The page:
Innovation and talent
Testing the waters. Literally.
When Thomas Knupfer from Davos is not thinking about the temperature of shower water, he is working on an electric-powered surfboard.
Thomas Knupfer is a very inquisitive person. After reading that water heated in a microwave has a different nutritional value than water boiled in a pan, he carried out an experiment to find out if it was actually true. He sowed two beds of cress, watering one with microwaved water and the other with water from the pan. And, lo and behold: “There was a very clear difference: the cress that had been given water boiled in a pan came out lovely and strong and green. The cress that had been given microwaved water grew more slowly, was brownish in places and was just generally weaker.” This attitude of wanting to prove things rather than just believe them is, of course, one of the basic qualities any engineer needs to have. And Thomas’ experiment wasn’t just a one-off – he really is in his element with water, at work and in his spare time.
Forget the time while working
Thomas spends much of his spare time flying through the air on a board. As a kiteboarder, he sails over the water off the coasts of Morocco, Egypt, Fuerteventura, Trinidad and Tobago, and Silvaplana – and when snowkiting, he flies over water in its frozen form.
His job at Oblamatik involves analysing how water is managed in a household – things like how to prevent scalding hot water from suddenly coming out of the shower when someone washes the dishes, how to keep the temperature in the pipes at a constant 60°C to prevent legionella bacteria from growing, or how to conserve water. Something that we take for granted – a constant supply of clean water from the tap at exactly the right temperature – is the starting point for much of the engineering work carried out at the Chur-based company.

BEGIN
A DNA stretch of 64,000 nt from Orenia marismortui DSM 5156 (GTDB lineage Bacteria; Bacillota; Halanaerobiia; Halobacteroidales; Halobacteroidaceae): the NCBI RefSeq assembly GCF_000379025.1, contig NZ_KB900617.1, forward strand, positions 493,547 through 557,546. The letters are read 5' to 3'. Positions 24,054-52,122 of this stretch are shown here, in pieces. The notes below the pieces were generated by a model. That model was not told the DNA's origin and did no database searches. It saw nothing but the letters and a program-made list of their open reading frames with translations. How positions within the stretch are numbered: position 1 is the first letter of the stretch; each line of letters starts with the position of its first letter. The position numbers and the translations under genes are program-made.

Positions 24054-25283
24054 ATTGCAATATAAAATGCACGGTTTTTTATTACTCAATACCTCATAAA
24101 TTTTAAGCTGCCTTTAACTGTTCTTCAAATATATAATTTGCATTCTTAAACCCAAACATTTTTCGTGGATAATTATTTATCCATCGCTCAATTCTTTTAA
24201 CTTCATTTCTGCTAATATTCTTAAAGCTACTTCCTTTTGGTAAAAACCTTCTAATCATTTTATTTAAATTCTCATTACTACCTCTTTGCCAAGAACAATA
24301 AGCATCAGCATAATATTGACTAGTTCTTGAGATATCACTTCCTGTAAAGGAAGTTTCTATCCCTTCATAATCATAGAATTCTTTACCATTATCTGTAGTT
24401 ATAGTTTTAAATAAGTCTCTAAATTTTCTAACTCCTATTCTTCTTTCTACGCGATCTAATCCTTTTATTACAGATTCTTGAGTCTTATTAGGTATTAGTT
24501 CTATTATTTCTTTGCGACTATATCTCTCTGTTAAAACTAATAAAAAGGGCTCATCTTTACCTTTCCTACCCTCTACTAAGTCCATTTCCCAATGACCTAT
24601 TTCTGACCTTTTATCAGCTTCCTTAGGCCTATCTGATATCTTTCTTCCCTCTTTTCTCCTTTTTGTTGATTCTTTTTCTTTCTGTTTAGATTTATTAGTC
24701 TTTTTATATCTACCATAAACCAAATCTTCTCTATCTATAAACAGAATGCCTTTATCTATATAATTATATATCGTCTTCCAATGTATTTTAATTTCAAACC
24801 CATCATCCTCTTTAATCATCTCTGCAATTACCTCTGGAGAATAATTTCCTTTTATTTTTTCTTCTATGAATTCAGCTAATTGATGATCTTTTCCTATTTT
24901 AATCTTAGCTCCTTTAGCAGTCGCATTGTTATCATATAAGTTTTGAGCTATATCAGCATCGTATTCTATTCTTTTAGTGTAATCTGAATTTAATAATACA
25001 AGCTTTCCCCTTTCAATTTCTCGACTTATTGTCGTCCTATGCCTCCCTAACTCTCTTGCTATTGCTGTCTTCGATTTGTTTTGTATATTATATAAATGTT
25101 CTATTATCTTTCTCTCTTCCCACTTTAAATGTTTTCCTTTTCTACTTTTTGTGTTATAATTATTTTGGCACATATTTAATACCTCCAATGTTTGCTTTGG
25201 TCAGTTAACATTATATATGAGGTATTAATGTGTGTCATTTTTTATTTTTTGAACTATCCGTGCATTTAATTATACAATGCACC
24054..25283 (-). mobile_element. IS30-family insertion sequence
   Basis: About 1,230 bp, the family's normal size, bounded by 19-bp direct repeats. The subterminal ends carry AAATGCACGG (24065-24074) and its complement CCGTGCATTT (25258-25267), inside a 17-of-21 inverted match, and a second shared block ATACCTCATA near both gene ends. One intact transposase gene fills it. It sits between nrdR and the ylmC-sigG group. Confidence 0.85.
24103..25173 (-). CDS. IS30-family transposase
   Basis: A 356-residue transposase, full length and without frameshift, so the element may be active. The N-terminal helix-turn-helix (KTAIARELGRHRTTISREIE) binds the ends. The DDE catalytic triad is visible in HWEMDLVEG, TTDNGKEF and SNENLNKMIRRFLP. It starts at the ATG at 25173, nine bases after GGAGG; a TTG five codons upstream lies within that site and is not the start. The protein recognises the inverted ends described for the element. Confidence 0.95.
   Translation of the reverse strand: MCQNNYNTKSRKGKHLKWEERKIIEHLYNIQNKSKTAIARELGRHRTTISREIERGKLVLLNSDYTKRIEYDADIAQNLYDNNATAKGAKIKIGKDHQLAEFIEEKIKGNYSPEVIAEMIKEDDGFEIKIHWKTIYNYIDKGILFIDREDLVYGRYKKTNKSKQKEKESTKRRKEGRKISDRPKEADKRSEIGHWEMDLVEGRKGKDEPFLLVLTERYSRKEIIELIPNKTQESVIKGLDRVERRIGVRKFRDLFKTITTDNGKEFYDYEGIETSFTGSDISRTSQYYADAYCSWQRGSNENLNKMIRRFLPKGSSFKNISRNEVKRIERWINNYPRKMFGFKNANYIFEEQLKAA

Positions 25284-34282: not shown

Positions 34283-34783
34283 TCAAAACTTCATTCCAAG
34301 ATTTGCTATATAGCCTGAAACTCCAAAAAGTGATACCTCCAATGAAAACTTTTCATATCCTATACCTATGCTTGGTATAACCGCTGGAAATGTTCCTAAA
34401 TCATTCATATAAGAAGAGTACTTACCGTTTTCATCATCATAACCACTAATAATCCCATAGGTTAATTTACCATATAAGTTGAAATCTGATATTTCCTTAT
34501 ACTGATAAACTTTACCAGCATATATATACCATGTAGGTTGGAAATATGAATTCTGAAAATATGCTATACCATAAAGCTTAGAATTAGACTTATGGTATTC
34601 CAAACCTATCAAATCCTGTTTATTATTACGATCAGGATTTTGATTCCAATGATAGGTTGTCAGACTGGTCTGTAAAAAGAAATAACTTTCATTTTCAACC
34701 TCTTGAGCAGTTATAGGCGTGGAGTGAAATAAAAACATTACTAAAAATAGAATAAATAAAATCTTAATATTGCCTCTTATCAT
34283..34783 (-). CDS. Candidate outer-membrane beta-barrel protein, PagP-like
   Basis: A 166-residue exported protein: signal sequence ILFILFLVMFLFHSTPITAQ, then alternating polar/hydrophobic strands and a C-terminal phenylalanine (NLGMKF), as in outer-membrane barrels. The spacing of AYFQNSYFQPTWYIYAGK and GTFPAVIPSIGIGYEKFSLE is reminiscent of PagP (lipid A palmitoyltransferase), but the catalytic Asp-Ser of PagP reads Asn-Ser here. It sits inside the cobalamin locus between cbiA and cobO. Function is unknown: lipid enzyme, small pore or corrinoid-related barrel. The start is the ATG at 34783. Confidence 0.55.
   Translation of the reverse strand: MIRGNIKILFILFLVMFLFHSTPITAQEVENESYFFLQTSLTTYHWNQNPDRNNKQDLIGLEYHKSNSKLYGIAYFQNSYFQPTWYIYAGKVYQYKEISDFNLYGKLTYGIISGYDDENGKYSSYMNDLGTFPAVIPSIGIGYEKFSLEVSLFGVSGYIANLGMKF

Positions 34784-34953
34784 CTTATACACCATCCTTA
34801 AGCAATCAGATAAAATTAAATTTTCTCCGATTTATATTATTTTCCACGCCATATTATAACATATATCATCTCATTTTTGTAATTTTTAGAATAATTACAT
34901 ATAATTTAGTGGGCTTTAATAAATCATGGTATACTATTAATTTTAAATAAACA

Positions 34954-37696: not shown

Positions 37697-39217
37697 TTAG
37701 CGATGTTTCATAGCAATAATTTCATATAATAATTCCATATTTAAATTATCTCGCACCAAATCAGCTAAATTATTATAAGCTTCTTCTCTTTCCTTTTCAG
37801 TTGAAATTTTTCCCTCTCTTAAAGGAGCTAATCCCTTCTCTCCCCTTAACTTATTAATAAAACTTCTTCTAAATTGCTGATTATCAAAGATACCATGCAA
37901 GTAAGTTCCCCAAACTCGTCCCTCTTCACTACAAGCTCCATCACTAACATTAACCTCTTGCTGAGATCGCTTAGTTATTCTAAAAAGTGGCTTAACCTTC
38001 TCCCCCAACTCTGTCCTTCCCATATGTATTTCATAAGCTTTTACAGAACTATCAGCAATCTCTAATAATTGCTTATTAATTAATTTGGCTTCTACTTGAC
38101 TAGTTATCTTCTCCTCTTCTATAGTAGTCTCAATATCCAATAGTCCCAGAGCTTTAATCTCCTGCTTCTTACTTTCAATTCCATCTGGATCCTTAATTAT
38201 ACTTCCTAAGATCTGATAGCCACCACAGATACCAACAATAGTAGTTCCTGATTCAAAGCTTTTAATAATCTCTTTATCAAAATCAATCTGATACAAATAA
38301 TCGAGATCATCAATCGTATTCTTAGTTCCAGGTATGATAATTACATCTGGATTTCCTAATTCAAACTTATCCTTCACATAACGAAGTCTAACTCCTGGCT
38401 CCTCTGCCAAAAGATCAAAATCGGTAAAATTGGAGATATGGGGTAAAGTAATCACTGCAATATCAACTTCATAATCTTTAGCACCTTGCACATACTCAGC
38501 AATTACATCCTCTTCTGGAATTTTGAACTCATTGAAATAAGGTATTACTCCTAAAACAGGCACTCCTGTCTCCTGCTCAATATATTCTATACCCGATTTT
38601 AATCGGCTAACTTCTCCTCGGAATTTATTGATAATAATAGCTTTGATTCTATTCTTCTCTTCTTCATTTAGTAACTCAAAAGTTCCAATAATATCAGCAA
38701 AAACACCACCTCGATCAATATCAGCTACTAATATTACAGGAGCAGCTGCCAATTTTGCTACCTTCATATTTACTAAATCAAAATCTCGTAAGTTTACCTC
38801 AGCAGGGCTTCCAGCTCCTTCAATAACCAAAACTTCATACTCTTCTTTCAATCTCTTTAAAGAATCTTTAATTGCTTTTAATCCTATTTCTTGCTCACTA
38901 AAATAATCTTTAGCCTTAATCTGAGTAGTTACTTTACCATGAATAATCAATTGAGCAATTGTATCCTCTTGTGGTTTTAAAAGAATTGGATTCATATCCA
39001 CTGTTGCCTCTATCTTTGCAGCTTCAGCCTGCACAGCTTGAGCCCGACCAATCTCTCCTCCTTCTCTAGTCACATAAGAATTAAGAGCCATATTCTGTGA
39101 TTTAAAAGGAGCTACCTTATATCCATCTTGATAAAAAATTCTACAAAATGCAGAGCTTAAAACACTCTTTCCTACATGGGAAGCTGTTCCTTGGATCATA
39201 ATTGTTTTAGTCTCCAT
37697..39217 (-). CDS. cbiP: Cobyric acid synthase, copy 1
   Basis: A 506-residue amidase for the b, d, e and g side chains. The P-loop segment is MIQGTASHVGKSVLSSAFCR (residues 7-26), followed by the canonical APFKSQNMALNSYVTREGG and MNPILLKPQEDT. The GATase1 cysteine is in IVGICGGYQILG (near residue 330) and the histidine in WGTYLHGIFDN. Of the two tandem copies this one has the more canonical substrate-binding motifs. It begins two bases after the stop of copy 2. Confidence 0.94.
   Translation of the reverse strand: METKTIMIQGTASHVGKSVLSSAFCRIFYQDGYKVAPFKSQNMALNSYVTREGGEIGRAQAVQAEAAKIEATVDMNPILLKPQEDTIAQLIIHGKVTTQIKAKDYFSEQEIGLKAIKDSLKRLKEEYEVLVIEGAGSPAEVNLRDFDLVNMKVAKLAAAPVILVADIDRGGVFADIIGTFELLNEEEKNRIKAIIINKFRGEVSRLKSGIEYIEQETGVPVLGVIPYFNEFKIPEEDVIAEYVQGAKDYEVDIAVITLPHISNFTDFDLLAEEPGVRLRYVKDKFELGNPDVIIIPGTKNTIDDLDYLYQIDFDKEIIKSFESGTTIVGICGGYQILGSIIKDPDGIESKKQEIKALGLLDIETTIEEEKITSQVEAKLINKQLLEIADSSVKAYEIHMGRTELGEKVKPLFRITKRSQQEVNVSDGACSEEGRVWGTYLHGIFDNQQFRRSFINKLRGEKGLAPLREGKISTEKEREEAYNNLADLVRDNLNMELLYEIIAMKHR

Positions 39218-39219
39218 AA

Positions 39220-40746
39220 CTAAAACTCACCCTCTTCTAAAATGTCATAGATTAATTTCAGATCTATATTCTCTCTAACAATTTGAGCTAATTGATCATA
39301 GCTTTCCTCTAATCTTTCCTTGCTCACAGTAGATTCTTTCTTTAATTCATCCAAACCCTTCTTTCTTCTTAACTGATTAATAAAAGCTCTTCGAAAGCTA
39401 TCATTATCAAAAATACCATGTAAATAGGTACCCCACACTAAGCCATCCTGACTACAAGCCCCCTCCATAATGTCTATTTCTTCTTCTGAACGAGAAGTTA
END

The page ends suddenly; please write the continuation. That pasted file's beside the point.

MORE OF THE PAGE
“You’re given a lot of room to be creative here.”
Even after more than 12 years with Oblamatik, Thomas still has such a fascination for the work he does that he regularly forgets the time. “I never look at the clock,” he says and laughs. “Sometimes my wife calls and asks me where I am.” If you ask him to explain why he enjoys working at Oblamatik so much, he lists all sorts of qualities that make a good employer. “You’re given a lot of room to be creative here. We’re always encouraged to question things as a matter of principle, think outside the box, and give even simple solutions a chance. The working atmosphere is fantastic and the employment conditions are excellent – the company does a lot for the employees. And the new building is also great.”
The flying surfboard is coming soon
Thomas was even allowed to use the 3D printer at the company to make the propeller for his hobby project – an e-surfboard. It’s an invention that combines all his passions: sports, water, technology and trying new things. “It’s a surfboard that’s slightly shorter than normal. There’s a mast with two wings and a propeller mounted underneath, and the battery for the motor sits on top. At a certain speed, the board rises out of the water and you glide on the hydrofoil. So you have much less drag, and it uses less energy.” He is currently still working on ironing out the final few problems, but he is confident that he will be riding his e-board soon. All alone, early in the morning, on a quiet mountain lake in Graubünden.